Our team is reproducing the paper “Residential Links Under the Weather,” authored by Padmanabhan, Schulman, Levin, and Spring. The original paper ran their proprietary software ThunderPing for eight years, following the forecasts of weather in the U.S. and pinging up to 100 hosts from each last-mile provider in the area for six hours before, during, and six hours after a forecasted weather event. This paper was the first attempt to quantify the effect of weather on residential outages.
The problem is important because severe weather is the number one cause of power outages in the U.S. and costs the economy billions of dollars a year in lost output and wages, spoiled inventory, delayed production, inconvenience, and damage to the grid infrastructure. With the likelihood of severe weather events likely to increase in the future due to climate change, this question becomes even more pressing to answer. For exampple, heavy downpours have increased nationally, especially over the last three to five decades; since 1991, the amount of rain falling on the heaviest rain days has been significantly above average. There have been increases in flooding events in the Midwest and Northeast. Winter storms have also increased in frequency and intensity since the 1950s .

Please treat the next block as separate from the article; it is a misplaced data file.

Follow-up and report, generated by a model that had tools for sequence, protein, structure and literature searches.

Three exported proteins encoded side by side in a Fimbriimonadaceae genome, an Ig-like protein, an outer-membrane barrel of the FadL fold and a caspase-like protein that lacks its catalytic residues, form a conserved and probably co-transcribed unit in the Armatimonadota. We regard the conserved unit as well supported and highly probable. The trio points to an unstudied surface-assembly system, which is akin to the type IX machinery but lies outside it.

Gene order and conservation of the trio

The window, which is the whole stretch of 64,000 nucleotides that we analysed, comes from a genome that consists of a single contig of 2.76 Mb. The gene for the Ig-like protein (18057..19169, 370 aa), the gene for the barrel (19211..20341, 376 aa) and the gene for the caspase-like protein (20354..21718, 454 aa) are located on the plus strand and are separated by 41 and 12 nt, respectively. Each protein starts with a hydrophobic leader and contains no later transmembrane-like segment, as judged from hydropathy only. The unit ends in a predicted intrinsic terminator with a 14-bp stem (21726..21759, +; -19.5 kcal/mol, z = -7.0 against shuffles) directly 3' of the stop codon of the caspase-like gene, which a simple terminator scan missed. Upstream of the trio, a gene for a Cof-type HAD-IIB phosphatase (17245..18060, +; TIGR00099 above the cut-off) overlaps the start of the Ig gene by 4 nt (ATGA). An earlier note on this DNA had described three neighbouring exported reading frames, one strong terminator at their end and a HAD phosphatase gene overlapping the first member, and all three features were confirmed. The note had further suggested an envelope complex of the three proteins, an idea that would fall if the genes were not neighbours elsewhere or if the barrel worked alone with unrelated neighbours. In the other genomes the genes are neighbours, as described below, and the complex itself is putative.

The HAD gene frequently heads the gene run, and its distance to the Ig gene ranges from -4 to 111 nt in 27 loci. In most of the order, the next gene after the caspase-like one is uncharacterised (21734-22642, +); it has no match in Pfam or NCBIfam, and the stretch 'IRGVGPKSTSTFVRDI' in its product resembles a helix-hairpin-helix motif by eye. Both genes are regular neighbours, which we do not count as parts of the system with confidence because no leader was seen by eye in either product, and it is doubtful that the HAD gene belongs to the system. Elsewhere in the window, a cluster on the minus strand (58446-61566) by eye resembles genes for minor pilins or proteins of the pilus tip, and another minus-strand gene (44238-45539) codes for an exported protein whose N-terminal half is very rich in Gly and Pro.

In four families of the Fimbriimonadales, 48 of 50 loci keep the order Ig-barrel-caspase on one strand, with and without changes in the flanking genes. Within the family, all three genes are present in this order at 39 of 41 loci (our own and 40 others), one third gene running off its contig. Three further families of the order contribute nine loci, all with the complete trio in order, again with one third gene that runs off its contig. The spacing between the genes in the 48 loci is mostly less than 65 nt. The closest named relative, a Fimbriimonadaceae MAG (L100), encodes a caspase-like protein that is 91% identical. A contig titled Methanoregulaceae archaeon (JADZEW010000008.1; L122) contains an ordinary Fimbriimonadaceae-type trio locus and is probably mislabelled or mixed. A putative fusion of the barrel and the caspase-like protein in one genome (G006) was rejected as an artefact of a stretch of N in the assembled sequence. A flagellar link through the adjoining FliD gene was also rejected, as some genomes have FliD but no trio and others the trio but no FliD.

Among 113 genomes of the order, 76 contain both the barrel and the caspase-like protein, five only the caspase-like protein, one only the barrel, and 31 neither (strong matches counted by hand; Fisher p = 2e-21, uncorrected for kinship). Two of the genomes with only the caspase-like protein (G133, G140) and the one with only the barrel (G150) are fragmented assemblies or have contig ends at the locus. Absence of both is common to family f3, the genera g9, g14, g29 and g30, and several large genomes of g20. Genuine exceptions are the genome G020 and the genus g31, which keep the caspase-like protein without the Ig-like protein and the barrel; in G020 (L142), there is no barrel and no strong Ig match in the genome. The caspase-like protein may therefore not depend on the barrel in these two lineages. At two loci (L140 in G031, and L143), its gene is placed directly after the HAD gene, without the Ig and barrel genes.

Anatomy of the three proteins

The original team showed that a variety of weather conditions inflated the likelihood of Internet dropouts, and that this inflation depends upon the type of weather, link type, and geographic location. Additionally, the team found that the time to recover from a dropout increases during weather events. The datasets and analyses produced by the team will enable a wide range of future studies into areas including the combined effects of wind speed and rain, the effects of cloud cover, the relationship between duration of a weather condition and recovery times, and much more.
To reproduce this original paper, our team first replicated several early figures in the paper using a year of data provided by the original team. After verifying that this data looks accurate, we searched for independent data sets, settling on the ANT Internet outage data and several datasets on snow and rain events in the U.S. We combined these datasets to try and produce similar trends to those found in the original paper.
Our graphs using the original data matched the original figures well.